site map
Vibrations and Touch in Birds

Birds have contact and touch sensors on various parts of their bodies. These include their feet, bills and tongues ( i.e Woodpeckers). This relates to the fact that it is these parts of their bodies which most often come into contact with the rest of the world. In some birds, the tactile sensors are particularly well developed in the bills allowing them to feed mostly by probing and feeling for prey, this is most evident in waders. Birds also have special small feathers called bristles which are situated all around the body and which help birds know where their feathers are.

Some birds also have large numbers of vibration sensors called Herbot's corpuscles located in their legs. These allow them to detect the approach of other birds or predators along both the ground and on the limbs of trees. Herbot's corpuscles have also come to play a role in the nuptial displays of certain species of grouse. This ability to detect very faint vibrations has also been suggested as a reason why birds seem to know when an earthquake is about to happen before we humans have any idea about it.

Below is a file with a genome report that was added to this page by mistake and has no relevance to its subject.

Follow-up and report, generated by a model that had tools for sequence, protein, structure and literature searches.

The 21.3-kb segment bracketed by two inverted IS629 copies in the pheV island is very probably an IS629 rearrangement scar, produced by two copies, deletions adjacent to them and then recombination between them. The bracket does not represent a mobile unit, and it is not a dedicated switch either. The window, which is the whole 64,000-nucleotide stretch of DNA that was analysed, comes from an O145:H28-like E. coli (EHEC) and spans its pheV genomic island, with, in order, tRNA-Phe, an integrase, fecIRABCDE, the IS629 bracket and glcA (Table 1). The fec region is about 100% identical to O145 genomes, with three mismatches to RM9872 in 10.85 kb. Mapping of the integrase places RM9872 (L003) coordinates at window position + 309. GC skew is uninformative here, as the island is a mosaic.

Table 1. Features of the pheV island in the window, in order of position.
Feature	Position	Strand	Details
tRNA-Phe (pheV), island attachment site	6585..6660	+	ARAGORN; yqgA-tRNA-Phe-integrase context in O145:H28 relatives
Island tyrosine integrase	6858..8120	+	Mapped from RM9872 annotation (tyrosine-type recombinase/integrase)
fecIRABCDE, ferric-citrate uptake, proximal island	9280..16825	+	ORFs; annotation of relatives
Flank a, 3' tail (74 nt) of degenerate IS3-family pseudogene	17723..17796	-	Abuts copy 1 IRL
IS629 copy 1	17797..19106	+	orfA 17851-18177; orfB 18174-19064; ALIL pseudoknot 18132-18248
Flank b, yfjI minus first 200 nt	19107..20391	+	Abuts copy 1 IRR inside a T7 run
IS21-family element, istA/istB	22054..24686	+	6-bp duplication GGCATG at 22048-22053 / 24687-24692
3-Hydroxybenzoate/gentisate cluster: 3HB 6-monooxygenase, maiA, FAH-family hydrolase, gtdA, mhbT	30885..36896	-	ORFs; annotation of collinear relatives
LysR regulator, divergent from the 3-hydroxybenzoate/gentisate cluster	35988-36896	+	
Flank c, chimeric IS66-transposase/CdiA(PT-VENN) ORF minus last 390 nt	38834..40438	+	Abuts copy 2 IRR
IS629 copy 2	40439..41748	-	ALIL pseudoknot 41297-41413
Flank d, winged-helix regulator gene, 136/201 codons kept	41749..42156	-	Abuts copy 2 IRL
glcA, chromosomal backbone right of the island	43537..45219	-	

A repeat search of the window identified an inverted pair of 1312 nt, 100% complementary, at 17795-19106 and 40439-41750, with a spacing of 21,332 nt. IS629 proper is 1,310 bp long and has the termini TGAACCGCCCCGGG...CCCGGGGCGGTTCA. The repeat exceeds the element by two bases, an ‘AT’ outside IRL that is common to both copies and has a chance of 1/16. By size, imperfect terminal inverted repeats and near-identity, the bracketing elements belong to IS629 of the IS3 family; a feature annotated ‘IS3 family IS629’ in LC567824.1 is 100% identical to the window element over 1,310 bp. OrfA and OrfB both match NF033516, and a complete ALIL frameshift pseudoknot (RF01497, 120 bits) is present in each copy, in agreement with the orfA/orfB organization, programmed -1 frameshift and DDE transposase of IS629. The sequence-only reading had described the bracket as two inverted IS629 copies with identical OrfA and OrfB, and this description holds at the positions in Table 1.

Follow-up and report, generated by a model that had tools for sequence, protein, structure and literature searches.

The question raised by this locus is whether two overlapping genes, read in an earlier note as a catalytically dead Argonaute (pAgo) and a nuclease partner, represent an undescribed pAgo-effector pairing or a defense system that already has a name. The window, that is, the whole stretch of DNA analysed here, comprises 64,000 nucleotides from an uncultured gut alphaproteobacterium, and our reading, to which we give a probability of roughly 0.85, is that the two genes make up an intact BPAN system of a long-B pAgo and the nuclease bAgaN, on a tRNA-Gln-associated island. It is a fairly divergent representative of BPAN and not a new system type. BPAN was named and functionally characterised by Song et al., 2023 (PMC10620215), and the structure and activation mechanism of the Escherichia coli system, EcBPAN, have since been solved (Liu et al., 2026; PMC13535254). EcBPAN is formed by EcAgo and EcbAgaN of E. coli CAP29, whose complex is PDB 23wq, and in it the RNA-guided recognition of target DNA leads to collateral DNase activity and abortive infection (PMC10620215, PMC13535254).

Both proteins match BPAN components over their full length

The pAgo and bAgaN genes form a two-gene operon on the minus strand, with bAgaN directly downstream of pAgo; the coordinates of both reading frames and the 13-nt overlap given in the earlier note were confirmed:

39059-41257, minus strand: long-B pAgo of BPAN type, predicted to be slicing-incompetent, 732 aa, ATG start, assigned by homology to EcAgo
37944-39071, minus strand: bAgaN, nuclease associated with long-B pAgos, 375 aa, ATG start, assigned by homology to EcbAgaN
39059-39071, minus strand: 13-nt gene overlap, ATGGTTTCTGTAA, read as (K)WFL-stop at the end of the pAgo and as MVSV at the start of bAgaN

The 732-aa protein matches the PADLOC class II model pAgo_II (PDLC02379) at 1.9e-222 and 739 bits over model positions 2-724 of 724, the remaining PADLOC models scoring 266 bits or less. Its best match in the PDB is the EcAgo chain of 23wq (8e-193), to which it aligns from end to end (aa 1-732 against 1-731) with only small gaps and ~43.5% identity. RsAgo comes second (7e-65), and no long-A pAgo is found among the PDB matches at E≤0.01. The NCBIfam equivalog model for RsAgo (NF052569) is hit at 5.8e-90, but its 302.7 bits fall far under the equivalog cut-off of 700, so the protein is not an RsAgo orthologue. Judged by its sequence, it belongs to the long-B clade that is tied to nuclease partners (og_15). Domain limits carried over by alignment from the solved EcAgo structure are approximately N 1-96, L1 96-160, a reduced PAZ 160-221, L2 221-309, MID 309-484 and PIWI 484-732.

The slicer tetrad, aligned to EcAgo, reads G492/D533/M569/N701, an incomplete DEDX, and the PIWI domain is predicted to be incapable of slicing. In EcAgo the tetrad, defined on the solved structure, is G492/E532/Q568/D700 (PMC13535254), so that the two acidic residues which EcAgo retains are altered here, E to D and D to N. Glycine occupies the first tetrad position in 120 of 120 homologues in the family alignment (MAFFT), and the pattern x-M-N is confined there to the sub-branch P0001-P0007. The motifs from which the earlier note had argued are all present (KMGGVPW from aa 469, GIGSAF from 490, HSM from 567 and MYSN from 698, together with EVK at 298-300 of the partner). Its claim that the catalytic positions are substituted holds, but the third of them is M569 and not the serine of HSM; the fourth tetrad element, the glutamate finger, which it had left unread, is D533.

Information on this page was contributed by EarthLife.

Please send EcoBirds your comments.



EcoPort Home Page
Search EcoPort
This search facility allows you to search EcoPort directly without having to navigate the more detailed EcoPort menu. EcoPort contains record structures for all birds of the world, and can be searched on scientific or common name in any language (provided it has already been entered). As the bird entities in this knowledge system are relatively new, most records will consist of the scientific name, some taxonomic information, and at least one common name only. This facility can be used to search for any entity type in EcoPort e.g. plants, insects, fungi, bacteria, mammals, birds, and spiders.

Last updated: 24 November 2002